Like many writers, I keep a (sometimes) daily journal about my life and the natural history events, largely bird related, that I experience. The following blog posts, organized by month are excerpts from my summer living and working the San Juan Islands of Washington State. Enjoy!
8/7 – It is looking as if I will be getting quite used to crossing Spieden Channel to Stewart Island. I’ve already gone six times since my first trip over. I still very much respect this open section of water as it rips between flood and ebb. The challenge of crossing is more on the clients’ end, but I still find myself in moments of nervousness, being carried to far this way or that as we paddle across. It’s hard to imagine the homesteaders who crossed in rowboats to Roche Harbor on a daily basis.
Spieden Island being a private island gets far less human traffic and is much more alive with animals. Seals are much more comfortable beaching here, protected by steep cliffs with good exposure to the sun. As we paddle by watching Harbor Seals, there’s also the chance of seeing the odd exotic ungulate, hallmarks of the days when this island was owned and operated by brothers who set up a safari company.
Bringing people to hunt foreign animals on a remote island proved not profitable, but the animals stayed and have wreaked unknown horrors on the local flora. What was once likely extensive prairie on the South side is now short grass lined with trails from deer and goats. They’ve also swam to other islands nearby. The Cactus Islands, John’s Island, and Stewart Island all now have these goats.
I think about this every time we cross, in the tandem with geological musings. The entire southern flank of this long, narrow island is evidence of the glacial power that pushed over these islands. Thin soils on a Southern exposure are less conducive to expansive Douglas Fir forests and there’s a good number Garry Oak dotting the hillside. My favorite thing about Spieden is that it’s an example of what all the San Juans look like in an extreme. Head to the North side of the Island and you are immediately in the shade and a wall of trees tower above you. There’s a notable hint moisture in the air when you round from the sunny side to the shady.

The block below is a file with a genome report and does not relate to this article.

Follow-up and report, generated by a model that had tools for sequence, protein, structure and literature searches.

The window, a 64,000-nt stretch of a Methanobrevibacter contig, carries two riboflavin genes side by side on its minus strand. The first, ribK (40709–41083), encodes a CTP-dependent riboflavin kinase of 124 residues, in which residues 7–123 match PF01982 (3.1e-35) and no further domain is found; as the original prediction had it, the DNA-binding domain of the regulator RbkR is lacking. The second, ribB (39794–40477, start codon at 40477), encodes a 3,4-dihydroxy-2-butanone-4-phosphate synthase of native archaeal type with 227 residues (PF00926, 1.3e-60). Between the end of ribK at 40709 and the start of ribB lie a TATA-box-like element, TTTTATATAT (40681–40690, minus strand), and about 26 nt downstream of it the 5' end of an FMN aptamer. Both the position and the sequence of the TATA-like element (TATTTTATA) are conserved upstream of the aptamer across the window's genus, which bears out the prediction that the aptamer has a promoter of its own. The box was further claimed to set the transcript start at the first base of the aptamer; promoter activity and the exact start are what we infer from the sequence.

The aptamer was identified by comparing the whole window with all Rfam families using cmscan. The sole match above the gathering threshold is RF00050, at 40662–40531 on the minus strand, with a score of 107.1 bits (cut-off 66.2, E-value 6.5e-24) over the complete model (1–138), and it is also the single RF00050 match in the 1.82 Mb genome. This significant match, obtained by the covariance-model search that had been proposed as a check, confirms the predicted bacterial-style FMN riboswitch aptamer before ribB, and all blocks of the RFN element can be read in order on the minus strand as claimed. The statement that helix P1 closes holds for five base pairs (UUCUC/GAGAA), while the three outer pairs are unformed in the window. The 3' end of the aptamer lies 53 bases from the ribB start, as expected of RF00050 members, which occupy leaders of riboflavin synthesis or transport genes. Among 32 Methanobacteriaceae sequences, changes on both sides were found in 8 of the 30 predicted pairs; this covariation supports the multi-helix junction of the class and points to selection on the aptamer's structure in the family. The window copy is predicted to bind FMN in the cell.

8/18 – I woke up on San Juan Island to the cacophony of geese and ravens near Roche Harbor. Red-crossbills still chirrup in the treetops and have been since my last entry in my journal (this is the longest I’ve gone without writing anything in five years, not a great thing).
On the water, many more seal pups are weaned and still curious or looking for maternal companions. A lone individual has been greeting all the kayakers who visit the kelp beds off Battleship Island. He or she makes beeline for the first boats that stray into the kelp and plays with rudders and paddles. My first encounter I was astonished and we sat with this youngster for nearly an hour. It was so comfortable that it even took a nap on a clump of kelp.
There are few Heerman’s Gulls around but the alcids increase in numbers. Only Purple Martens and Barn Swallows are left of their kind. I haven’t seen a warbler besides Yellow-rumpeds in weeks. Mre and more Calidrissandpipers are around and I saw a large group twisting over the low points of Henry Island near Open Bay.
8/25 – As things slow in work I have more time to enjoy these islands and have more pleasant conversations with people while paddling (as opposed to herding cats). My favorite tree here is the Pacific Madrone and it catches everyone’s attention with peeling red bark exposing vibrant green within (an adaptation that allows them to endure periods of drought by photosynthesizing through their bark). They’re less showy in bark now, instead they are exploding with orange-red berries. These are pretty alone but they bring an aural element to their show. Birds love the fruit and robin along with many other birds including Northern Flickers are going nuts in the trees around Roche Harbor. It’s certainly a nice talking point because even the dullest of guests notices the cacophony coming from the trees.
8/29 – If you’ve got a dock in the San Juans, River Otters will likely visit. I’m glad I don’t one. I can remain a complete fan of their cavorting and avoid distaste in their weaselly funk and habit of using docks as a latrine for their fishy wastes. It’s foul to say the least and today I was rounding the corner of a dock on Pearl Island when I was pummeled with the scent and caught 9 otters as they scurried from an overturned skiff, surely left in preparation for the winter. Instead they created a home for stinky water weasels. I couldn’t help but laugh in applause; the house that belonged to the dock was particularly gaudy.